Additionally, both of these diseases have correlations with human disease, with hypertrophic cardiomyopathy occurring in one out of 500 humans and PKD considered to be one of the most commonly occurring life-threatening human genetic diseases. “Cats can now become models in developing and studying drug therapies,” notes Dr. Little.
When It’s All About Cats
But what if there is no known link between a feline illness and another important, research dollar-rich species, namely us humans? If a troubling problem is species-specific, and that species is the cat, finding research dollars to fund studies can be difficult.
Funding for nutritional studies with the cat generally comes from pet food manufacturers seeking to develop a market niche. If the company perceives a need for a specific food and knows there will be consumers who will buy the food, then that company more willing to invest in nutritional research and development.
The same is true for producers of feline vaccines and medications. Pharmaceutical companies will consider funding research if there is potential to develop a product that will generate sufficient sales. “Companies need to make a profit,” Dr. Richards explains. “If there is a condition that drugs can’t heal, the pharmaceutical companies aren’t going to be interested in spending research dollars studying this condition,” he says. And even when a disease could potentially be treated with the development of a new drug, this may still not be enough to warrant the interest of the drug industry.
“Studies have shown that dog owners are willing to spend up to a dollar a day in medications for their dogs, whereas cat owners will spend only 60 cents a day,” reports Katherine Houpt, VMD, PhD, director of the Animal Behavior Clinic at Cornell University’s College of Veterinary Medicine. “Why would pharmaceutical companies develop medications that would be perceived as too costly [by cat owners]? The medications would be available, but they wouldn’t be used. For pharmaceutical companies, their research dollars would be better spent developing medications that will be purchased,” explains Dr. Houpt.
So what happens when research is needed but the illness is cat-specific (with no relation to human disease) and corporate funders do not see the potential for profit? “People often have this idea that there’s a big pile of money somewhere that’s available to researchers,” says Dr. Richards. “The fact of the matter is that so much research work really comes from the pockets of people who love cats.”
Dr. Richards notes that research supported by non-profit organizations such as the Cornell Feline Health Center (www.vet.cornell. edu/fhc/), the Winn Feline Foundation (www.winnfelinehealth.org) and Morris Animal Foundation (www.morrisanimalfoundation.org) are primarily funded by private contributions from cat owners across the country. Though organizations such as these occasionally may benefit from a trust or estate gift, contributions often come in “five dollars here and ten dollars there,” relates Dr. Little, noting that, regardless of the size of the donation, the dollars add up.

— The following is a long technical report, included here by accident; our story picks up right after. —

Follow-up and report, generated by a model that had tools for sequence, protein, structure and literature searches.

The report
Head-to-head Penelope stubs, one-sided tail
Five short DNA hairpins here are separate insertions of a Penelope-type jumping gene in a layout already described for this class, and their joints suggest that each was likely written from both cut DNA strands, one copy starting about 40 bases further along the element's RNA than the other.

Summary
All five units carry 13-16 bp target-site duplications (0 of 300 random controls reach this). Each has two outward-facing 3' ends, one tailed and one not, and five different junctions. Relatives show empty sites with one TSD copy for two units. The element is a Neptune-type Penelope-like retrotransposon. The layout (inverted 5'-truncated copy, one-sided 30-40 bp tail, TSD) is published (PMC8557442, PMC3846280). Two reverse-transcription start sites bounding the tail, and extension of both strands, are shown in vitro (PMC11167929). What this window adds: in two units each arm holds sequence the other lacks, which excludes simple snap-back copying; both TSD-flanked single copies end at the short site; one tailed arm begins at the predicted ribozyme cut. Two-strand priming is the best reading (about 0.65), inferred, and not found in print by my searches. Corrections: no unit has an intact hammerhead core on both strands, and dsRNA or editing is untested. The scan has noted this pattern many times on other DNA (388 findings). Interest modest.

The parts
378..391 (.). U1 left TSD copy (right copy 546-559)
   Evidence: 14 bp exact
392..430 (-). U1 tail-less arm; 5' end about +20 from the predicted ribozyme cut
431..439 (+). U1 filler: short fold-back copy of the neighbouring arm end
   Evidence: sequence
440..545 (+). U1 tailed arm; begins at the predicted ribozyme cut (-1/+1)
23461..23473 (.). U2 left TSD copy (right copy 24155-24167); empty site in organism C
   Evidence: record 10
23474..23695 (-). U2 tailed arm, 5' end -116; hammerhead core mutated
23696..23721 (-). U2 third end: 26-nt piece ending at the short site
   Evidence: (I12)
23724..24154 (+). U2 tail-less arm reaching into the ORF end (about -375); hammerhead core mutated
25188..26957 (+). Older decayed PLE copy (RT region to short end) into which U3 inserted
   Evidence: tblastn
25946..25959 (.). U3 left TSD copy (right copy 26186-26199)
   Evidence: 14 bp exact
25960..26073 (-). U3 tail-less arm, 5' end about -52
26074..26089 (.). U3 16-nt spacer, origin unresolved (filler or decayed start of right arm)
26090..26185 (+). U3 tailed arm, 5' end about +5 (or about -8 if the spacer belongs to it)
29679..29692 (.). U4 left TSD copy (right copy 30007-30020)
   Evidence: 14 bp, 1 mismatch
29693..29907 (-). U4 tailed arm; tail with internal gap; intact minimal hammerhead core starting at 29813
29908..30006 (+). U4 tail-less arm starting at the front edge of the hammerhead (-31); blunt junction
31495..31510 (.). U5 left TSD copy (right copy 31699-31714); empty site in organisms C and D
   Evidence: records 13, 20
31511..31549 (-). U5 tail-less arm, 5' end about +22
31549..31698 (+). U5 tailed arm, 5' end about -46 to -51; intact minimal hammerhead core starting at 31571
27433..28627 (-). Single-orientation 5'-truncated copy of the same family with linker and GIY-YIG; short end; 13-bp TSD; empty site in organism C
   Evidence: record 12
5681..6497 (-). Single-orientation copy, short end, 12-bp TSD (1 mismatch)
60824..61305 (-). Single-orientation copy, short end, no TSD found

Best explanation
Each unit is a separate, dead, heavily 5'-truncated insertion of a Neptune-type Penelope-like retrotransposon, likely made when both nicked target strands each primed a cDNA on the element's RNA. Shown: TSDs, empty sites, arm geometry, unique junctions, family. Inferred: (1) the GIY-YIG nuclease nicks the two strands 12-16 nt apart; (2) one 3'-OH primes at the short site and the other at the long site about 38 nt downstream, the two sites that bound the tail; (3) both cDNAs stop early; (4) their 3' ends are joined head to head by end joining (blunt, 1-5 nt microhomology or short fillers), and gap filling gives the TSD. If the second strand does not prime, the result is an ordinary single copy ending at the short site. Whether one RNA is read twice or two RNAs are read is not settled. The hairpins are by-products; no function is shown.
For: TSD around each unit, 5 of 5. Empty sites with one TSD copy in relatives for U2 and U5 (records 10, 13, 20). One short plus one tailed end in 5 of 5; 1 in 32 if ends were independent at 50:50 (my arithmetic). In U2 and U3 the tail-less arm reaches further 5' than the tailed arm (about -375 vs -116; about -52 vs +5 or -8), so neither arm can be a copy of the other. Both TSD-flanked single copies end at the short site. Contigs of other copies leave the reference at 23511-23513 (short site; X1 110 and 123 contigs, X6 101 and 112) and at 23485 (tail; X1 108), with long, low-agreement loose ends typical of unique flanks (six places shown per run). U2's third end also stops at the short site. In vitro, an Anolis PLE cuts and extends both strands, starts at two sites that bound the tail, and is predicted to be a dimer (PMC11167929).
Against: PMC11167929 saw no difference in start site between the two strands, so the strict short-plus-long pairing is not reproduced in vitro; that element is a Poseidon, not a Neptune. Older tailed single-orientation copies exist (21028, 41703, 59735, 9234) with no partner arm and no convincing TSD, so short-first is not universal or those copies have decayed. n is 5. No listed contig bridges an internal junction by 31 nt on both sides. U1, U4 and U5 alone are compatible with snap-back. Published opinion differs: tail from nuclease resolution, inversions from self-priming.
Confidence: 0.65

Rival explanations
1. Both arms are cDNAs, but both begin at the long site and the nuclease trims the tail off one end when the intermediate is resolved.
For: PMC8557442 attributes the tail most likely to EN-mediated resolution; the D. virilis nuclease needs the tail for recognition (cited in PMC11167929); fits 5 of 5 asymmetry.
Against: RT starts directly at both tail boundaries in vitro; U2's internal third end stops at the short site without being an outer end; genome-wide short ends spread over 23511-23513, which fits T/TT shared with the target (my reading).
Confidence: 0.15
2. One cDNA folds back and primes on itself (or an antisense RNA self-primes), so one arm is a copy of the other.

Rallying the Troops
For cat owners, more than for owners of other domestic animal species, it is important to support research delving into the health and behavior of their pets. This can be accomplished not only through financially supporting nonprofit organizations dedicated to companion animal health research, but also by showing interest in cat-specific research and participating in clinical studies when possible.
Regrettably, a recent study at the Cornell Animal Behavior Center had to be scrapped because of lack of interest. Despite the fact that the center was offering expensive diagnostic services at no charge to participants, Dr. Houpt relates that only two cat owners responded to the center’s search for candidates to partake in a study designed to investigate if a litter additive could potentially solve many a cat owner’s litter woes. “Pet owners are often not very dedicated to cats,” says Dr. Houpt. “Cats are still seen as being disposable. People will live with a dog that threatens family members, but won’t seek help for the cat that urinates on the carpet.”
Obviously, people’s misconceptions regarding the value of domestic animals can’t change overnight. Nor will a single dollar donation fund a 10-year health study. However, every thought, every effort, every penny does count and does contribute toward making a feline’s life a little more comfortable and perhaps a bit more disease-free in the future. Bottom line? We are the bottom line. The future of feline research depends most on cat owners and their interest in supporting medical advancements.
Walker, Joan Hustace